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Summary: in this seminar we look at one of Henry VIII’s policies in detail: the process (between 1536 and 1540) of closing all of the religious houses in England and Wales. We will discuss whether the causes of the dissolution were primarily financial, religious or political, and we will look at the impact and consequences of the dissolution, for the former monks and nuns, and for society as a whole.

Seminar and essay questions:

a) What motives lay behind the Dissolution of the Monasteries?

b) ‘Its impact on religious life was limited; on social and economic life, immense.’ Is this an accurate assessment of the effects of the dissolution?


D. Knowles, The Religious Orders in England vol III, part 3. chs 30-33 esp useful for b)

G W Woodward, The Dissolution of the Monasteries, section ii (ch 4 useful for a; chs 9-11 for b)

J. Youings, The Dissolution of the Monasteries, introduction.

G W Bernard, The King’s Reformation: Henry VIII and the Remaking of the English Church (2005), pp. 243-76, ch. 5

--------------, ‘The Dissolution of the Monasteries’, History (2011)

RW Hoyle, ‘The Origins of the Dissolution of the Monasteries’, Historical Journal, vol 38 (1995) - important for a)

J. G. Clark (ed), The Religious Orders in Pre-Reformation England (2002), chs. by Logan and Cunich

P. Marshall, Heretics and Believers: A History of the English Reformation (2017), index, under ‘Dissolution’

M Heale, ‘Training in Superstition? Monasteries and Popular Religion in Late Medieval and Reformation England’, Journal of Ecclesiastical History (2007)

E H Shagan, Popular Politics and the English Reformation (2003), ch. 6

S Jack, ‘The Last Days of the Smaller Monasteries in England’, Journal of Ecclesiastical History (1970) (a)

G A J Hodget, ‘The Unpensioned Ex-Religious in Tudor England’, Journal of Ecclesiastical History, (1962), (b)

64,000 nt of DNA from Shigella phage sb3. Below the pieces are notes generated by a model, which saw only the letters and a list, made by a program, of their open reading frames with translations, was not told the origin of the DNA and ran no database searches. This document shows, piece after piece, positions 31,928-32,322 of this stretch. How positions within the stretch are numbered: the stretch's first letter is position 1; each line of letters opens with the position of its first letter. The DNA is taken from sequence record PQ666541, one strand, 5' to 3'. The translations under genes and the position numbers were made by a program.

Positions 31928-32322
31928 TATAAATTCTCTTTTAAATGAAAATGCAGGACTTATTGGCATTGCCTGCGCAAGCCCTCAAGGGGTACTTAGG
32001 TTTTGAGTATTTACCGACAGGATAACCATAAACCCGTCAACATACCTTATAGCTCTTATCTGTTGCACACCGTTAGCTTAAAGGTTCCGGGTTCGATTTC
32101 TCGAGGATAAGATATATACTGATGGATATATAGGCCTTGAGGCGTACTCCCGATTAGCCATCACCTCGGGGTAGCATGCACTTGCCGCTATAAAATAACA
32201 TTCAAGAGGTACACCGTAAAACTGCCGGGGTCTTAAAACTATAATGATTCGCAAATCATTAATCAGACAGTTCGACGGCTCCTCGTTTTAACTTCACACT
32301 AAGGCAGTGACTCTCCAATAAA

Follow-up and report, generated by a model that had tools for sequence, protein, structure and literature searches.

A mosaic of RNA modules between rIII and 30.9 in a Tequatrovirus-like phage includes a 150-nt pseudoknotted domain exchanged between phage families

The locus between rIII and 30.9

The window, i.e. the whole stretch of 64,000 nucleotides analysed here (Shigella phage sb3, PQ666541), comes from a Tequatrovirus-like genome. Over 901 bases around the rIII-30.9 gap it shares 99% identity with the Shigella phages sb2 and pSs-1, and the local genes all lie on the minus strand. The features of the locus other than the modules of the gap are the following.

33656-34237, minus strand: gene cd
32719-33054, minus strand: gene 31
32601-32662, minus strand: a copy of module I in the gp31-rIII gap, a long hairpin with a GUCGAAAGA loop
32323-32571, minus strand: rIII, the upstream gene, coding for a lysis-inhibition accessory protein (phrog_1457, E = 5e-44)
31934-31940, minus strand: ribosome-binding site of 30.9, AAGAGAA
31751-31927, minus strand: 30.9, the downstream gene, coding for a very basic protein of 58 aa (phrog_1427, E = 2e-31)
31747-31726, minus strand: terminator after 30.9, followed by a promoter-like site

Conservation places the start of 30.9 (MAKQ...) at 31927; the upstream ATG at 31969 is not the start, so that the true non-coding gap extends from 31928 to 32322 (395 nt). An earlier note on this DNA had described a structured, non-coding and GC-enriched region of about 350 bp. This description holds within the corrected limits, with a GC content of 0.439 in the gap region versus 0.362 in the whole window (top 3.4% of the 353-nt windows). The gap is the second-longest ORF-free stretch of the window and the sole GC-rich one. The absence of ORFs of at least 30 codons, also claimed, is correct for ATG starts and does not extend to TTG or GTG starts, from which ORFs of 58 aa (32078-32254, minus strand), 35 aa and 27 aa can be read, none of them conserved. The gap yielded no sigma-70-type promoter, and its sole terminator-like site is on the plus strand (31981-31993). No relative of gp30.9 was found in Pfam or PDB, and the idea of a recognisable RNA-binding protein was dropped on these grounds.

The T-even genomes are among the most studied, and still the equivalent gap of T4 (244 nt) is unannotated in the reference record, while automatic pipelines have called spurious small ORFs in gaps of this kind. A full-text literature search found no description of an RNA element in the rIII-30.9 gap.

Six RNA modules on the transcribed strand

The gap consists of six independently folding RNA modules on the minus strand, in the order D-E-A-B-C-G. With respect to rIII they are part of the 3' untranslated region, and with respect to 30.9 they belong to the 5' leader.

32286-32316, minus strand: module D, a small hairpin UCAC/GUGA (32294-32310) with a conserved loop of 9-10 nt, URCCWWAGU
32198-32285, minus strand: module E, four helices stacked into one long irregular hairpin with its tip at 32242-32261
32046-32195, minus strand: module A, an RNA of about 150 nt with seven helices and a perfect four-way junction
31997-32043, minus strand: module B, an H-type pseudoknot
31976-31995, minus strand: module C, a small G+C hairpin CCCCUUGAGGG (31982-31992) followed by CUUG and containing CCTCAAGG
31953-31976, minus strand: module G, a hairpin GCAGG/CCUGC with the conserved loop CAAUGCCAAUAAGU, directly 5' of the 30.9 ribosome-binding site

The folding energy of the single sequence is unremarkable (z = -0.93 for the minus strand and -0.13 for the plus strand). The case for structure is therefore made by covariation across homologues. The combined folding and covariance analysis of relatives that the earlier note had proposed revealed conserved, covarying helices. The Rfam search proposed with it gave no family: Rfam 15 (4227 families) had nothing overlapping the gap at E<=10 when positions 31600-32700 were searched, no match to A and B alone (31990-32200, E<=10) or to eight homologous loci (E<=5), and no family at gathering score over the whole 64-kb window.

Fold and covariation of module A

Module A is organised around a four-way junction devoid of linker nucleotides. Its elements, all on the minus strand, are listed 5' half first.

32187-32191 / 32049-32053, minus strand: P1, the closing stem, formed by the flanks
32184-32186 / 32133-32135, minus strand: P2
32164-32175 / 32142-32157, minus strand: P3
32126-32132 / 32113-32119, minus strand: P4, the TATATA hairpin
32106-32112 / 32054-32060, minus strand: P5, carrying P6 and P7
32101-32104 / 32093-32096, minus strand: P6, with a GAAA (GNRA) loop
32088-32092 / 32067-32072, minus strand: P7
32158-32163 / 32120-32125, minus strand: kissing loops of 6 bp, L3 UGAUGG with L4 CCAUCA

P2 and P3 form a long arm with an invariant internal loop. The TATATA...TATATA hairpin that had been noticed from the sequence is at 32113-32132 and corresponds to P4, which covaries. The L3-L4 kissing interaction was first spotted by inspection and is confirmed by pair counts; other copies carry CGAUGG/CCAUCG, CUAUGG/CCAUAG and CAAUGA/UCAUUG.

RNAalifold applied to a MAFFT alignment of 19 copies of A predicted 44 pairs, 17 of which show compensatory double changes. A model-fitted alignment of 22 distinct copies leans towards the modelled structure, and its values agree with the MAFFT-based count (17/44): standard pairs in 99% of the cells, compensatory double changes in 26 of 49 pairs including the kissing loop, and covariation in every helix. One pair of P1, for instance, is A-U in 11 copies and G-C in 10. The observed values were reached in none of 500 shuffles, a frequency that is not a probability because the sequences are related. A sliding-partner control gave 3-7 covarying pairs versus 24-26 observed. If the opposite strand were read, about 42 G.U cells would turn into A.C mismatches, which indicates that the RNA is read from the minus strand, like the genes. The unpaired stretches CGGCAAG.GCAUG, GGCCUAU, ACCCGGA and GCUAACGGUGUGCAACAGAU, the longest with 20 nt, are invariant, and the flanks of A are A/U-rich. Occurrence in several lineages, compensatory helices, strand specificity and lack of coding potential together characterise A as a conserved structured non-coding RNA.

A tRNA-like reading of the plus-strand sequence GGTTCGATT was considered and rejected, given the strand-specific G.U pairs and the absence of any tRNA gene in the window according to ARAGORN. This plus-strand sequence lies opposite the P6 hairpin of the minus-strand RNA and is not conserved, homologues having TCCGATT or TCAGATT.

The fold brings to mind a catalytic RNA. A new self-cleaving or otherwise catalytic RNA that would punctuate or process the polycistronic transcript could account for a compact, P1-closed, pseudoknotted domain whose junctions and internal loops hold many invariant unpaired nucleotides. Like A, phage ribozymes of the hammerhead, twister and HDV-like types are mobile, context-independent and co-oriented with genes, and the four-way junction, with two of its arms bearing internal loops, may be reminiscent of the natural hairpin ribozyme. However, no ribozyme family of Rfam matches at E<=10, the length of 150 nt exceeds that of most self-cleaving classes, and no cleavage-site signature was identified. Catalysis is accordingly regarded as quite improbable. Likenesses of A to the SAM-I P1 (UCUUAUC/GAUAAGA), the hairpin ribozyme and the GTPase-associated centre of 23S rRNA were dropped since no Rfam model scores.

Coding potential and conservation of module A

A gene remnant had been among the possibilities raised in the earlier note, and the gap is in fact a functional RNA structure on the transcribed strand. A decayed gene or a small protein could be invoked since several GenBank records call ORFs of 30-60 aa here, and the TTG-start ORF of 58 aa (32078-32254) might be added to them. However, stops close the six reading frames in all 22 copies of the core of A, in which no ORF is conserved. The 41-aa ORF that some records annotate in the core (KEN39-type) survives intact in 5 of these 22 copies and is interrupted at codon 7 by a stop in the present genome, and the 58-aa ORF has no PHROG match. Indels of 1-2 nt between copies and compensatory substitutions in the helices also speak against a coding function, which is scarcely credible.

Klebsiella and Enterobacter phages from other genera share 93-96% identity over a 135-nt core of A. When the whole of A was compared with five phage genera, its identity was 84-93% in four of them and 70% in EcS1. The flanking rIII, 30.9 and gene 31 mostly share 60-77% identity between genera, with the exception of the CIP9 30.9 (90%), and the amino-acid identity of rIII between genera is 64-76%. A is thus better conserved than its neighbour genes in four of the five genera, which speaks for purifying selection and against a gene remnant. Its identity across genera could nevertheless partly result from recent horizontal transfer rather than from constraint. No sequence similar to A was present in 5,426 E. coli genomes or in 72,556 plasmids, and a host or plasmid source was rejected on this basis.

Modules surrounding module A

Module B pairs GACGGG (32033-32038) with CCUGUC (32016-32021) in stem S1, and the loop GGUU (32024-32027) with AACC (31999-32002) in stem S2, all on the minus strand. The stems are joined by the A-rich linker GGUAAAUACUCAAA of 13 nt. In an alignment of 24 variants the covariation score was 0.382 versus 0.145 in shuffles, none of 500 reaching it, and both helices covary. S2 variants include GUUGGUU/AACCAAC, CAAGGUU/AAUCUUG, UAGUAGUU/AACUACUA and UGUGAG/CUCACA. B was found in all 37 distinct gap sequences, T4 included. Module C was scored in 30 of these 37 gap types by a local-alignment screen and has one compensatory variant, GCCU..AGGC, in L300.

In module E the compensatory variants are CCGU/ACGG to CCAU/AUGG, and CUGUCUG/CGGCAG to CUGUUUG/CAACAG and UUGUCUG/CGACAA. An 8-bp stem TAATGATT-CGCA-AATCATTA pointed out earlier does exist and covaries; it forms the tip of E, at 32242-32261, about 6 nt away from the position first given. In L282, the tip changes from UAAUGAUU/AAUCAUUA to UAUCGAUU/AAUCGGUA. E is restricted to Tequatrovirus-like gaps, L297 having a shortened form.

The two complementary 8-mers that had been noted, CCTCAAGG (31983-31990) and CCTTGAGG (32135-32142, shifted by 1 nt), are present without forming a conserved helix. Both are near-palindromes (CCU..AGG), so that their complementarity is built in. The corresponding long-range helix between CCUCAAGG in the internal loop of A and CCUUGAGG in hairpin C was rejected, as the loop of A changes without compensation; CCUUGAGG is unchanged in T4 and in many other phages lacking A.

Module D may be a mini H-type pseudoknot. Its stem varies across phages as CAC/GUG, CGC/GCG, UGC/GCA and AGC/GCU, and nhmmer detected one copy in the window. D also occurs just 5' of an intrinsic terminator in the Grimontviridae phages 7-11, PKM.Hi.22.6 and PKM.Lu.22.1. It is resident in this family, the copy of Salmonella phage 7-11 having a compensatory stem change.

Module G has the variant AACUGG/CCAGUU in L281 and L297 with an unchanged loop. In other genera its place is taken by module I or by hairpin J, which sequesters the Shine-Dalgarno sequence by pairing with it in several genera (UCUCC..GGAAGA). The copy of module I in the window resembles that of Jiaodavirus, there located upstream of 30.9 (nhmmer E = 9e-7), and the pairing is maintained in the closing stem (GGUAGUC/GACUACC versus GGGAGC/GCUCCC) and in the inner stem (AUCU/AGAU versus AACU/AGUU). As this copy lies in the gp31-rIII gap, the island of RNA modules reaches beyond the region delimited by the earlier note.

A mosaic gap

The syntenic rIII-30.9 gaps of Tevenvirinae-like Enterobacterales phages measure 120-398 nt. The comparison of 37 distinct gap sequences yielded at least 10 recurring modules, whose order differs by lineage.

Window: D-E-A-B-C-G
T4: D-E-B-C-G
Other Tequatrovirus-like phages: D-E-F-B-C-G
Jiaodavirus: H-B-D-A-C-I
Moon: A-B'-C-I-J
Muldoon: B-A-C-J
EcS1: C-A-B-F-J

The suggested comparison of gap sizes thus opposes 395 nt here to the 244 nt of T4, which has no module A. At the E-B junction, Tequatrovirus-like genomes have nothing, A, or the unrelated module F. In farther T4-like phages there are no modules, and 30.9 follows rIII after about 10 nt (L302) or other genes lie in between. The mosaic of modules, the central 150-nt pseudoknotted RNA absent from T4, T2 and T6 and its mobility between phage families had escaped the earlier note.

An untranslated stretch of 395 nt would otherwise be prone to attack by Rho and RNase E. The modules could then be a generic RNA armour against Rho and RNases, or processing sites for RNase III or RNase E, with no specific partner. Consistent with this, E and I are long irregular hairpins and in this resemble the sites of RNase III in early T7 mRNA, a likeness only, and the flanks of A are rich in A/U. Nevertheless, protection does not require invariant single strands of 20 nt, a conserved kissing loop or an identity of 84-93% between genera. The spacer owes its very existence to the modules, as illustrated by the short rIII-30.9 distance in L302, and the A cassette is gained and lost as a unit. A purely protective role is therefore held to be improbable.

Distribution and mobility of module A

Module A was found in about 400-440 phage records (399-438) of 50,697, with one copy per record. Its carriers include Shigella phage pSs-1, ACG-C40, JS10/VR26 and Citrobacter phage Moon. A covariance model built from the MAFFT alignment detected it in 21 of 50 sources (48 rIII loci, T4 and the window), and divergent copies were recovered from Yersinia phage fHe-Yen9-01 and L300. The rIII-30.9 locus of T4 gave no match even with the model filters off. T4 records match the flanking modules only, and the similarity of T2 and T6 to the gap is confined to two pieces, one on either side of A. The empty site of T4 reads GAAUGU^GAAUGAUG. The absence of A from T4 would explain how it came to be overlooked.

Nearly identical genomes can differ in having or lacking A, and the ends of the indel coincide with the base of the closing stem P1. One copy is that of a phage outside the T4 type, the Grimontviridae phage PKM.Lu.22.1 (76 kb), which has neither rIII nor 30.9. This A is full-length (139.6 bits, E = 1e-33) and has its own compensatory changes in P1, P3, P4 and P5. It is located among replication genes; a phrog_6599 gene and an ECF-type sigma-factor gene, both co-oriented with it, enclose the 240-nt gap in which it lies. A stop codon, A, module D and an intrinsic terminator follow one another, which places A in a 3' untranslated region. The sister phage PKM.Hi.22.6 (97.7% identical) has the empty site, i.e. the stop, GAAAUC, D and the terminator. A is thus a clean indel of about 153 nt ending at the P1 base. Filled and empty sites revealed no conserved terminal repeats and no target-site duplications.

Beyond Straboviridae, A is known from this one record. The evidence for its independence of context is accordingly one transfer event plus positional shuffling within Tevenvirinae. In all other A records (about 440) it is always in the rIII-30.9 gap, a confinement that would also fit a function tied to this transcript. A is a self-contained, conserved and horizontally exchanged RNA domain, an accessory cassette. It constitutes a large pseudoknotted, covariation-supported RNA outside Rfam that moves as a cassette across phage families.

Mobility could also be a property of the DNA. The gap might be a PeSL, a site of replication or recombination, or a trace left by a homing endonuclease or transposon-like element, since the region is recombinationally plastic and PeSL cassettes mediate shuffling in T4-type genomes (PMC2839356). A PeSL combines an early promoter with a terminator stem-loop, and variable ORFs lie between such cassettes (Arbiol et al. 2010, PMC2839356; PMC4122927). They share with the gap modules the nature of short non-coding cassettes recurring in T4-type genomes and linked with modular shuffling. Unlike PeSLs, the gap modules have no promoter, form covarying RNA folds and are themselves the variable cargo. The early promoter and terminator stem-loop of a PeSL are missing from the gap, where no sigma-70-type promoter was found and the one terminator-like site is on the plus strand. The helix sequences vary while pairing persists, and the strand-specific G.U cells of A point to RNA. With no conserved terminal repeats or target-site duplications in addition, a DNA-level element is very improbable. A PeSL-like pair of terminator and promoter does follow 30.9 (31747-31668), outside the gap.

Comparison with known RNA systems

K. Cooke, ‘The English Nuns and the Dissolution’, in J Blair and B. Golding (eds) The Cloister and the World: Essays in Honour of Barbara Harvey (b)

H J Habbakuk, ‘The Market for Monastic Property’, Economic History Review, (1958), (b)

P Marshall, ‘The Dispersal of Monastic Patronage in East Yorkshire’, in B Kümin (ed) Reformations Old and New (b)

-----------, Beliefs and the Dead in Reformation England (2002), pp 81-92 (b)

C Haigh, The Last Days of the Lancashire Monasteries, esp. chs 7-10

W G Hoskins, The Age of Plunder, pp 128-38 (b)

G R Elton, Reform and Reformation, ch 10 (a)

S Lehmberg, The Reformation of Cathedrals, p. 76ff (on dissolution of monastic


A G Dickens, The English Reformation (2nd ed), ch 8

J J Scarisbrick, The Reformation and the English People, ch 4

J H Bettey, The Suppression of the Monasteries in the West Country, chs 7, 8

B Thompson, ‘Monasteries and their Patrons at Foundation and Dissolution’, Trans. Royal Historical Society 4 (1994), 103-25.

J G Clark, ‘Reformation and Reaction at St Albans Abbey 1530-58’, English Historical Review, 115 (2000).

S Field, ‘Devotion, Discontent, and the Henrician Reformation: The Evidence of the Robin Hood Stories’, Journal of British Studies, 41 (2002), 6-22.